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Adrift In Tokyo

Adrift In Tokyo

By Arpad Lukacs • March 4th, 2012
Static Mass Rating: 3/5
Third Window Films

Release date: Februry 27th, 2012
Certificate: 15
Running time: 101 minutes

Country of origin: Japan
Original language: Japanese with English subtitles

Writer and director: Satoshi Miki

Cast: Jo Odagiri, Tomokazu Miura, Kyoko Koizumi, Yuriko Yoshitaka

We all know what it’s like to lead a lazy life with problems piling up and not even trying to deal with them. Or do we? Come to think of it, most of us probably don’t.

I had my difficult moments in my student years, but I would describe these as experiencing feelings of panic rather than apathy. Not knowing what I want to do, what the next step should be or whether I’m on the right course or not all rattled around in my mind occasionally some years ago tormenting me and forcing me to think hard about my life. But when these problems overtook my mind, it always shook me up a little bit – it was unpleasant but quite useful when looking at it in retrospect.

Adrift In Tokyo

Fumiya Takemura (Odagiri Joe) was therefore a character I found really hard to relate to. In Satoshi Miki’s off-beat comedy Adrift in Tokyo, the central character Fumiya is a student who’s heavily in debt but he doesn’t really care. After a very brief character introduction to let us know that he is in debt, a very persuasive debt collector named Fukuhara (Tomokazu Miura) comes to collect the money and when Fumiya is unable to pay, Fukuhara shows him that he means business by stuffing his socks in Fumiya’s mouth.

When they meet the next day however, Fukuhara has a new proposition: he asks Fumiya to walk around Tokyo with him in exchange for one million yen, which is quite a bit more than Fumiya’s debt. And so the journey begins. Before long, Fukuhara tells Fumiya that their destination is Tokyo’s central police station where he intends to give himself up for a crime he regrets to have committed.

Adrift in Tokyo is the story of this journey. And the journey is not a straightforward one; Fukuhara is really not in a hurry, they visit places from Fumiya’s childhood and we begin to get to know them as they get to know each other. In the course of several detours, they meet people and get caught up in various situations in what I’m only guessing is apparent soul-searching.

Adrift In Tokyo

In a sub-plot, a bumbling trio also embarks on yet another journey: they are colleagues of Fukuhara’s wife from work and decide to try to find out what happened to her, but end up taking their own detours and never actually get there. One of them is played by Yutaka Matsushige and the actor actually poses an interesting question in the making of documentary: “I wonder what our place is in the film” – this is something I wondered about myself but couldn’t figure it out.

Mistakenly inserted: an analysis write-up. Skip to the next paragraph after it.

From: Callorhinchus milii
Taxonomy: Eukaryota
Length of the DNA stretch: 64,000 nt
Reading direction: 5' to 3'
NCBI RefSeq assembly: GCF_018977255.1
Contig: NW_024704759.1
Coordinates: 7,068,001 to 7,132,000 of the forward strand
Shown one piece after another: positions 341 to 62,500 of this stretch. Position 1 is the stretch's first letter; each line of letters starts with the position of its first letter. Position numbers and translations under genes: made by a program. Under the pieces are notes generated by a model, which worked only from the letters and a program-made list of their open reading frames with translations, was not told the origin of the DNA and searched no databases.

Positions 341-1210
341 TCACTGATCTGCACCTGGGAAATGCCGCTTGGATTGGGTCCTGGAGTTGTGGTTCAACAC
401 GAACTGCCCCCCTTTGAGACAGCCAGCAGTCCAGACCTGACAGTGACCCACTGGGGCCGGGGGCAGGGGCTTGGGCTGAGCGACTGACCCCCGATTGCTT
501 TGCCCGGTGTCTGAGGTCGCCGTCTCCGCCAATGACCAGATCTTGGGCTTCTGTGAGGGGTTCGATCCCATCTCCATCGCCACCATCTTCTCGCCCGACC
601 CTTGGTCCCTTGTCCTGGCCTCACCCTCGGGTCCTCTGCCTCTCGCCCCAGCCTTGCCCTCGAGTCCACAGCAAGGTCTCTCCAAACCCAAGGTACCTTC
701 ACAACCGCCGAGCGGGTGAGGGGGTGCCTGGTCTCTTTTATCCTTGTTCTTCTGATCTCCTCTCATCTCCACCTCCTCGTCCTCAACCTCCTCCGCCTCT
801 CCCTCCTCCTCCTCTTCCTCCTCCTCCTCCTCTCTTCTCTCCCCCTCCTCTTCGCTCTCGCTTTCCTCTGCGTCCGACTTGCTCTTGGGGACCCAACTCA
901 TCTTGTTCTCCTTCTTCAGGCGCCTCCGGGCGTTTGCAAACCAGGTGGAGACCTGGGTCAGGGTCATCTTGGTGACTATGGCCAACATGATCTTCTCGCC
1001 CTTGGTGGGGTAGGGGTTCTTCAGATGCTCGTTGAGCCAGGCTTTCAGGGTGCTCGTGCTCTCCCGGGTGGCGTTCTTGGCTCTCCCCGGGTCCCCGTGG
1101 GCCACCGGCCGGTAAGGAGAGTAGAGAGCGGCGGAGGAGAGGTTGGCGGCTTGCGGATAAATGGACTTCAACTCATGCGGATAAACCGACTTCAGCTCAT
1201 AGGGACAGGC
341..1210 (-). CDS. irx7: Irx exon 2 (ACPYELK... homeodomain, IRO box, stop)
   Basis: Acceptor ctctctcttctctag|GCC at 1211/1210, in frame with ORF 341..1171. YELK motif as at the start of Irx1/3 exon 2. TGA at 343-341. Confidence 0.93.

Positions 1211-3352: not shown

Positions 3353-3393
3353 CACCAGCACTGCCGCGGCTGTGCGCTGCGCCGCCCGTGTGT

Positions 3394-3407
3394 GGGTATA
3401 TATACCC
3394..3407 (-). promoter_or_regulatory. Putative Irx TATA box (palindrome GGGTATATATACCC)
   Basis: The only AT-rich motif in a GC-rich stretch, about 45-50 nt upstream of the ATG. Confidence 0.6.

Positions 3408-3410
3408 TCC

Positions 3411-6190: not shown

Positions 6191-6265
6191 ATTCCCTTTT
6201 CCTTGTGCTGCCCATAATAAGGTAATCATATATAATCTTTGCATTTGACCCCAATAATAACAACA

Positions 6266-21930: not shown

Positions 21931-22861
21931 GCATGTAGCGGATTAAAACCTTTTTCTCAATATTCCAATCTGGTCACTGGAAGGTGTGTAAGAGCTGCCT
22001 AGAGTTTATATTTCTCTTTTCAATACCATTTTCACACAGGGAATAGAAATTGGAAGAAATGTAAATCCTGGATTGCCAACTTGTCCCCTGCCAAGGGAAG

I watched various strange situations unfold: an old man in a costume (at a cosplay event) jumps off a high building and survives without a scratch. A man is looking for a hose so he can smell his own hair. Fumiya decides to follow a clownish street guitarist, begins to move strangely, lies down on the pavement only to get up again. Fukuhara is challenged to a fight by an old watch shop owner who ends up chasing them for miles and eventually beats Fukuhara, injuring him.

Adrift In Tokyo

I can imagine that in the right context I would find all of this intriguing and funny, but as the film was progressing I realised something: Adrift in Tokyo was trying way too hard. These quirky situations and characters are mere attempts to charm the audience, but quirk itself does not function as such a device, it has to be natural. Fumiya never really starts to care about anything throughout, he is narrated and the narration occasionally tells us that he feels something but we don’t feel anything about him.

The sub-plot following the three goofy characters was also beyond my comprehension: their actions have no meaning or consequences to the story.

As visiting Tokyo is on my bucket list, I enjoyed the realism in the portrayal of this beautiful city that isn’t there to appeal to tourists: while taking a walk with Fumiya and Fukuhara, Tokyo feels very real – almost as a third protagonist. On a Wednesday afternoon, when it’s raining outside, Adrift in Tokyo might be an interesting watch. It tries to say something about family values with some potential to warm the human heart and it has a few funny moments to occasionally make us laugh. But all of that is lost hopelessly in a maze that feels pretentious more often than not.

Arpad Lukacs

Arpad Lukacs

Arpad is a Film Studies graduate and passionate photographer (he picked up the camera and started taking stills just as he began his studies of moving pictures). He admires directors that can tell a story first of all in images. More or less inevitably, Brian De Palma has become Aprad’s favourite filmmaker.

Then there’s Arpad’s interest in anime. He was just a boy when he saw Nausicaä of the Valley of the Wind on an old VHS and was hypnotised by the story of friendship, devotion and sacrifice. He still marvels at the uncompromising and courageous storytelling in Japanese anime, and wonders about the western audience with its ever growing appetite for “Japanemation”.

Have a look at Arpad's photography site, and you can follow him on Twitter @arpadlukacs.

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